Sanctions Have Little Effect On Putin’s Incredible Popularity In Russia

Russian President Vladimir Putin arrives at the Planalto Palace before a meeting with Brazilian President Dilma Rousseff in Brasilia, July 14, 2014. REUTERS/Ueslei Marcelino

Earlier today, President Barack Obama announced the most restrictive U.S. sanctions against Russia since the outbreak of the crisis in Ukraine. The sanctions were coordinated with the European Union and strike at several Russian state-owned companies in the financial and defence sectors.

But it’s unlikely that the sanctions will undermine Putin’s incredibly secure position within his country.

A Gallup poll published on July 18 — shortly before Kremlin-backed separatists shot down a Malaysian Airlines flight — found Putin was more popular within Russia than he had ever been. Gallup found that Putin was riding an 83% approval rating, a 30% gain over his numbers just two years earlier, and a record high for him.

More biased sources than Gallup were reporting a similar phenomena in the days leading up to the MH17 crash. Russian state-owned news agency ITAR-TASS concluded on July 16 that the president’s historic popularity owed to “a new Putin majority forming in Russian society.” Pro-government experts even couched his high approval rating in quasi-democratic jargon:

“The Putin majority is evolving as a social coalition for sustainable development, where each social group develops its ways of joining the majority,” the authors of the report “New Putin Majority: Critical, Pragmatic, Non-indifferent and Patriotic” said.

There’s probably a certain response bias at play in the Gallup poll: Russia is far from a democratic country. Poll respondents might have felt pressured to give positive replies in light of a groundswell of nationalism that followed the Sochi Olympics and the annexation of Crimea. Of course, the generally oppressive political culture that Putin has fostered may also account for Russians’ reluctance to cricitize him.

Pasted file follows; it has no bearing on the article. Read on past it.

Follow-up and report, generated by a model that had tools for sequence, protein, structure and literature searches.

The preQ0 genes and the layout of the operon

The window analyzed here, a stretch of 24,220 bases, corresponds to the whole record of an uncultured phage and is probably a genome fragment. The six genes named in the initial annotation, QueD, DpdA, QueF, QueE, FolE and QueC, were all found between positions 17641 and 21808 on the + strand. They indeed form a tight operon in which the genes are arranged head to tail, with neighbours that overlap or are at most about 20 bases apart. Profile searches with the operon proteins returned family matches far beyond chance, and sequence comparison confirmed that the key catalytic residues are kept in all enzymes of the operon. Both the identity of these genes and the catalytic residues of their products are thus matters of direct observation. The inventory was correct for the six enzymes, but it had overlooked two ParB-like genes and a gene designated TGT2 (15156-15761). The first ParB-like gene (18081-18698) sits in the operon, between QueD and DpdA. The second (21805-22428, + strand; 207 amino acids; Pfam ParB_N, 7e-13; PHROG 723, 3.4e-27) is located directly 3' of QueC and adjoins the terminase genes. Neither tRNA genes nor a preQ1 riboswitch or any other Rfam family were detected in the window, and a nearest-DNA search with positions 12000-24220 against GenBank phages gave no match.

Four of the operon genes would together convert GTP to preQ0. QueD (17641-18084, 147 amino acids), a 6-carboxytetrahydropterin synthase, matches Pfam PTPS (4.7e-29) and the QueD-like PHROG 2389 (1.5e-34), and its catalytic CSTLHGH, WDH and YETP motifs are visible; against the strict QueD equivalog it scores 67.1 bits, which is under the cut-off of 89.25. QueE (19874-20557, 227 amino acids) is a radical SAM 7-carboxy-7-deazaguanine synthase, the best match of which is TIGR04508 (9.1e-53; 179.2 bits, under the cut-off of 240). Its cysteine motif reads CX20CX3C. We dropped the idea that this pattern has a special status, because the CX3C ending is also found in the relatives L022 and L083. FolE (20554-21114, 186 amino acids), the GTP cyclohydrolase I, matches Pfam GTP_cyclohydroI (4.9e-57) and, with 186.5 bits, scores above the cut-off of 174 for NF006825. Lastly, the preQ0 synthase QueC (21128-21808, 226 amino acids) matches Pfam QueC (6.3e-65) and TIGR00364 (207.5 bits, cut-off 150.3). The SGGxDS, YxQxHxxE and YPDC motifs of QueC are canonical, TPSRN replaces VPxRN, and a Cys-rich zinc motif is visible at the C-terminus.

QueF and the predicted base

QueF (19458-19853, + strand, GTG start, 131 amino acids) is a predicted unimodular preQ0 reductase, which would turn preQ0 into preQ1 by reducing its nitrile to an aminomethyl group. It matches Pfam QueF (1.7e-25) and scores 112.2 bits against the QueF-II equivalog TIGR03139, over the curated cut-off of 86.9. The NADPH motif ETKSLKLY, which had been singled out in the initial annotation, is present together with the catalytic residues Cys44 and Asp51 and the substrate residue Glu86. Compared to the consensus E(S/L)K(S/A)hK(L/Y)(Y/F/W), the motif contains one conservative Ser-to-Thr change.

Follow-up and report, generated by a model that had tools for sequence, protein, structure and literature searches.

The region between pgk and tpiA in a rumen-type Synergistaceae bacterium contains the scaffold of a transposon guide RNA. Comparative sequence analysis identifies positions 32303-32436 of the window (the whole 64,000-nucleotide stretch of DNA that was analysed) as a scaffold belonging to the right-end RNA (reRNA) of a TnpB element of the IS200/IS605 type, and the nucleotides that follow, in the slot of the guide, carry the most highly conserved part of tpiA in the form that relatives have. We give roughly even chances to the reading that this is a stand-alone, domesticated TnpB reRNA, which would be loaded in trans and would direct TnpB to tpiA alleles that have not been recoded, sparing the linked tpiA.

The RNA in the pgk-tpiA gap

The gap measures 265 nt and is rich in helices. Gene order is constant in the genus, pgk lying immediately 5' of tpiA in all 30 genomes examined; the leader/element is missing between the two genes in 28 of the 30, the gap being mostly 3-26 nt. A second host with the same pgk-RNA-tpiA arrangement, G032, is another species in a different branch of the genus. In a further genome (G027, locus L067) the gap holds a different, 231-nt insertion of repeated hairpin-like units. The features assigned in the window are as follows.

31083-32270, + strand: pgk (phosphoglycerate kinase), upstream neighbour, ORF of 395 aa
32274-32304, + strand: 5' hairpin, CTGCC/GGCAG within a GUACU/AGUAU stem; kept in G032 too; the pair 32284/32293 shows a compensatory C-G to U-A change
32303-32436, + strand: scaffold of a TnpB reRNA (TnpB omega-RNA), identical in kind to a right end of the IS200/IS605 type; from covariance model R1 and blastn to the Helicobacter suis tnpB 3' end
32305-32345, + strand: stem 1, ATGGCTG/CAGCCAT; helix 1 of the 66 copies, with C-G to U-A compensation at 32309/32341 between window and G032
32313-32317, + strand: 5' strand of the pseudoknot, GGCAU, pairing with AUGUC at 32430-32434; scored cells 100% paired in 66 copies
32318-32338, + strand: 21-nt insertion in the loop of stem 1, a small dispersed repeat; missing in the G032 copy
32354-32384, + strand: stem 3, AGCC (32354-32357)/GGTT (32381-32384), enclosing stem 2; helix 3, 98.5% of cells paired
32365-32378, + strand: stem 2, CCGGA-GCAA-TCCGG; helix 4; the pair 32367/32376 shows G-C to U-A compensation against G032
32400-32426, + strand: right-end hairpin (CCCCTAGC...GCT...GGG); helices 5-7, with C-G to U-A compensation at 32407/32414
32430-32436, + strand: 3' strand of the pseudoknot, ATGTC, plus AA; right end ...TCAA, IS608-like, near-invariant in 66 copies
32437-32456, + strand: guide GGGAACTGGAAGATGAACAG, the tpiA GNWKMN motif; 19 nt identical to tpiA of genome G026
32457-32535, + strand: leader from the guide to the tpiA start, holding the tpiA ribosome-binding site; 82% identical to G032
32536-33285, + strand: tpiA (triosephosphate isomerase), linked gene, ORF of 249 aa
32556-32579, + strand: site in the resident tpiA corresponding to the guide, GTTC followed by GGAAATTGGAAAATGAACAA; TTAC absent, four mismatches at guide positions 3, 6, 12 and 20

Even so, Putin’s managed to leverage a seemingly difficult set of geopolitical circumstances into a secure domestic position, as another recent Gallup poll reveals. Russians don’t just approve of Putin, his government’s view of the world at large is also widely trusted and accepted within the country.

Gallup found that, even after the destruction of MH17, some 76% of respondents believed Russian state media reporting on Ukraine to be “reliable,” compared to just 30% who found Russian independent media reliable, and 48% who considered western media to be “not reliable.”

Even with the EU and U.S. presenting substantial evidence connecting Russia and its Ukrainian proxies to MH17, most Russians still seem accepting of often-conspiratorial official government narratives that absolve the Putin regime and its allies of responsibility.

And even before today’s sanctions were announced, there were signs the Russian government was already attempting to leverage tighter American sanctions in its domestic favour, with Radio Free Europe/Radio Liberty reporting on efforts to officially brand governments that sanctioned Russia as “aggressor countries.”

Even with the latest round of sanctions it’s unlikely that Putin will feel much pressure from inside of Russia to change his policies. He is simply too popular — and his version of events in Ukraine, which casts Russia as a victim of a U.S. and European alliance with a fascist and racist government in Kiev, is simply too widely accepted as fact — to feel any pressure to change course.